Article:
Varina-DenmanI stalked the second hand of the classroom wall clock as it ticked away those final minutes before the start of my oral presentation. My palms were slick with sweat, and the anticipation in my belly waged war against the bagel and cream cheese I’d eaten for lunch hours earlier. But not even my unsettled nerves could erase the hours of preparation for this day. The topic I’d chosen for my high school senior project—a project worth over half my AP English grade—was one I’d tirelessly researched. Armed with my tri-fold presentation board, covered with pie charts, graphs, and photographs, I stepped up to the podium. I wasn’t a practiced speaker yet, but what I lacked in posture and poise, I made up for in passion. And I was one passionate seventeen-year-old with a plan to save the world. One adopted orphan at a time.

Seventeen years later, I’m still preoccupied by a countdown. Only instead of stalking a classroom wall clock, I’m obsessively crossing off the days until my hubby and I fly across the ocean to a rural orphanage in China and meet our soon-to-be adopted daughter, Lucy Mei, for the first time. Though our journey has taken several windy detours over the years, the passion I once exuded as a confident adolescent, eventually led to partnering with a reputable adoption agency and saying yes to a brown-eyed, six-year-old girl.

And while the early planting of this obvious God-calling may appear sweet and simple, much like the pink and white furniture arranged in Lucy’s bedroom, the past few months of waiting have been anything but smooth sailing. I’ve had many roused-from-a-deep-sleep anxiety attacks and several stopped-at-a-traffic-light daydreams of doubt. More than any other season in my life. My persistent self-examination of my flaws as a parent, daughter, sister, wife have led to more mental stumbling blocks than I can name. All of which have been driven by an intense fear of the unknown. Because that’s the thing. This “call” to adopt one of the “least of these” has shined a giant beacon on the list of my inadequacies, highlighting them against the backdrop of uncertainties to come. And I’ve found myself asking, more than once, if God has the right gal for the job. I mean, if this call was really from God… then why has this decision to adopt rattled my faith more than any other?

As I’ve sought the Lord through prayer on this subject, He’s been faithful to remind me that I’m not alone in my questioning, or in my doubts. After all, wasn’t it Moses who said, “Who am I to appear before Pharaoh? Who am I to lead the people of Israel out of Egypt?” (Exodus 3:11 NTL) when God spoke to Him through a bush consumed by fire? And then there’s the Virgin Mary, who questioned the Angel Gabriel after he proclaimed that she would become the mother to the savior of the world. But perhaps my favorite example is of Jesus’ disciple, Peter, who upon seeing his master walk across the Sea of Galilee, literally jumped shipped to accept his invitation to come to Him. Yet after only a few steps, Peter’s attention began to shift to the rising swell of waves around him. Focused on the storm, terror seized Peter and he began to sink, crying out for a rescue.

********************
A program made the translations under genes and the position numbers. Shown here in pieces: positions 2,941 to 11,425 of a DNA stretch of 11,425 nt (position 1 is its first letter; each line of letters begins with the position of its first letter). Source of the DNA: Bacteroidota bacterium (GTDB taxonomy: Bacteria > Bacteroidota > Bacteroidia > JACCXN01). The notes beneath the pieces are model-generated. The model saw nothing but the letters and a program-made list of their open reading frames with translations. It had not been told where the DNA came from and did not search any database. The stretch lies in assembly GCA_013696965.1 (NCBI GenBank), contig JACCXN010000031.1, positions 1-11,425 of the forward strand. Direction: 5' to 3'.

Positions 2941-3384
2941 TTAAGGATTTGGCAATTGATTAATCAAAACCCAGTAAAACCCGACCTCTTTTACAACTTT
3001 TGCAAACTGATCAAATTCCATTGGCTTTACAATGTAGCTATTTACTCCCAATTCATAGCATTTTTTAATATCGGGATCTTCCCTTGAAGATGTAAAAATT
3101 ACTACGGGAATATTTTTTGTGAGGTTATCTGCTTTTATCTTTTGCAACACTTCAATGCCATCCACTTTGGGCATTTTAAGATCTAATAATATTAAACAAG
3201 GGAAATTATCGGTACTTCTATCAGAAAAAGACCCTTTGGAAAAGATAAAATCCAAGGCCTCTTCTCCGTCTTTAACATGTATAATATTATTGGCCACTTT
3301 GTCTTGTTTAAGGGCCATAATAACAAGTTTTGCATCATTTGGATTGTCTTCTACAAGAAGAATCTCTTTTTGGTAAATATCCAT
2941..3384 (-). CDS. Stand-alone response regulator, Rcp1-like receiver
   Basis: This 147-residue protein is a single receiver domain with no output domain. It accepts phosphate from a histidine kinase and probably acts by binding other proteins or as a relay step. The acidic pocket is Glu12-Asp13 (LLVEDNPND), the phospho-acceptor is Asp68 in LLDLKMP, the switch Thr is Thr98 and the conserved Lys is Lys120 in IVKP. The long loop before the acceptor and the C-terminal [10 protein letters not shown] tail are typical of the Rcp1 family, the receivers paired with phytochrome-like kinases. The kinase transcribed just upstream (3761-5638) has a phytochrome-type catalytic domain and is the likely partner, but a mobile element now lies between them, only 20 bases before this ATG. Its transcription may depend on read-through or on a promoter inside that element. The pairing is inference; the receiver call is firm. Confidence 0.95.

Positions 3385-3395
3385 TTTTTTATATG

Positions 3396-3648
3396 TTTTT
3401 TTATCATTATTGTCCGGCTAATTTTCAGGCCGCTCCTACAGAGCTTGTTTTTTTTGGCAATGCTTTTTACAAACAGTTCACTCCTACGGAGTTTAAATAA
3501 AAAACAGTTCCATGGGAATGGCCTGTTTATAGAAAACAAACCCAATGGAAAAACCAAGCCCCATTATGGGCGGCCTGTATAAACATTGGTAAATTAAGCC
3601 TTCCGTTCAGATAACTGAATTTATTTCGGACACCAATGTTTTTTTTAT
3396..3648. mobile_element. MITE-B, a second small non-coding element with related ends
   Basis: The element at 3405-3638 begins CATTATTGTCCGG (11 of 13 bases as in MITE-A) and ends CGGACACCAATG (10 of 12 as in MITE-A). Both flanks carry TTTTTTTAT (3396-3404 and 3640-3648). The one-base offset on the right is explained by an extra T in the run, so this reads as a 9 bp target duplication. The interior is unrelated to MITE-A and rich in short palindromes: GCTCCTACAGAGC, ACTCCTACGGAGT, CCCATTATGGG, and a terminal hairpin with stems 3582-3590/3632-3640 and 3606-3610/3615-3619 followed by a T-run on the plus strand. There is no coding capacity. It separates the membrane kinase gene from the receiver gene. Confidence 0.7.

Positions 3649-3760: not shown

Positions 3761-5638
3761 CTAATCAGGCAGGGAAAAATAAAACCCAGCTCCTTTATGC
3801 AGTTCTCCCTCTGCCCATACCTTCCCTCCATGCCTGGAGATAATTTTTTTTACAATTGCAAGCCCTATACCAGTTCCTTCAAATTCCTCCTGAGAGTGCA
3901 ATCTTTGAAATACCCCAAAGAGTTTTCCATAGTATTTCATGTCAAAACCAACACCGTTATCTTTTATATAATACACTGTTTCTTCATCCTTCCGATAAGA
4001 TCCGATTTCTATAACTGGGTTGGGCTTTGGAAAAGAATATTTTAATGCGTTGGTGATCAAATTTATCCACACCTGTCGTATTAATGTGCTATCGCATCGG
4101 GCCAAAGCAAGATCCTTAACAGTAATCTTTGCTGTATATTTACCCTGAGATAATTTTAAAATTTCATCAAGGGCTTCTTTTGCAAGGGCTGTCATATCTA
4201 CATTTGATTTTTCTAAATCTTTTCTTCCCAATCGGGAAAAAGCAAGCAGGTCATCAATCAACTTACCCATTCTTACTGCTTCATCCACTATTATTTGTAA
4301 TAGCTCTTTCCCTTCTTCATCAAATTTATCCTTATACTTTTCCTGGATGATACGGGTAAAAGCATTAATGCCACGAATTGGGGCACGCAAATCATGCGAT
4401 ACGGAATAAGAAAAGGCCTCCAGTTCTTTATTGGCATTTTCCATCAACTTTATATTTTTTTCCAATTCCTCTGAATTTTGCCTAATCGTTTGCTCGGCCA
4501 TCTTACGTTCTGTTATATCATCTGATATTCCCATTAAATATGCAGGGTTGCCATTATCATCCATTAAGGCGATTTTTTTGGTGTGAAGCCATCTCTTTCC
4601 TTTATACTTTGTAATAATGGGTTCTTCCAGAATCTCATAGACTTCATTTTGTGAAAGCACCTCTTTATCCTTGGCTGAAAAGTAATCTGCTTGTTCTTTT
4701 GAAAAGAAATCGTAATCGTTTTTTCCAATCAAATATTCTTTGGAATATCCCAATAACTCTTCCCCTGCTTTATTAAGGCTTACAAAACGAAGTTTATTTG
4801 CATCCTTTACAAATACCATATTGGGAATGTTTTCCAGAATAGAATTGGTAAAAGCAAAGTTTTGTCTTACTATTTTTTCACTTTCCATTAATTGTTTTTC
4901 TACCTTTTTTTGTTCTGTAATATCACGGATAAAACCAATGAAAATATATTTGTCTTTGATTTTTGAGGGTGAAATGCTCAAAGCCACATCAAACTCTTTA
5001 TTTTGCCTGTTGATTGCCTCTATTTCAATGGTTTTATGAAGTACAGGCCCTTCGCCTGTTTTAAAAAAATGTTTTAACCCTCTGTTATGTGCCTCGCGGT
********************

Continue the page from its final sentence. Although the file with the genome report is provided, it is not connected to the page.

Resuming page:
I used to read these stories through judgy, unsympathetic lenses. I mean, come on! Being on the other side of a talking burning bush or a glowing heavenly host—or hello!—God-in-the-flesh as he walked toward you on the water, seems to take all the guesswork out of the question: “Have I heard God correctly?” And yet, each one of these people, to some extent or another, experienced self-doubt in light of the God-ordained quest before them.

I’ve got to say, knowing I’m in company with some of the greatest faith pillars in the Bible, has been a comfort to me as I wrestle with my fears over how this adoption might impact my family’s future. But it also challenges me to see past the doubt—one faithful step at a time—and glimpse the bigger calling at work. A call to my heart to trust Him only. To take each doubt and turn it into a prayer. To draw near when I want to break away. To reach my hand through the waves and grab ahold of His. This waiting period has been my walk on the water. Some days my “doubt splashes” are only ankle deep, while other days I end up soaked and sputtering for air. But whatever the case, my rescuer is always near.

In eighty-three days, we will meet our daughter and bring her home to America. There will be stormy moments ahead as we navigate through the many transitions and obstacles to come. But just like with Peter, Jesus will be there. For every step. Reaching out His hand to pull us up, dry us off, and remind us of the call He planted in our hearts long ago.


Nicole-DeeseNicole Deese is a full time lover of humorous, heartfelt, and hope-filled fiction. When she’s not writing a sweet romance, she can usually be found reading one near a window. Drinking La Croix. She lives in small-town, Idaho with her handsome hubby and two sons.

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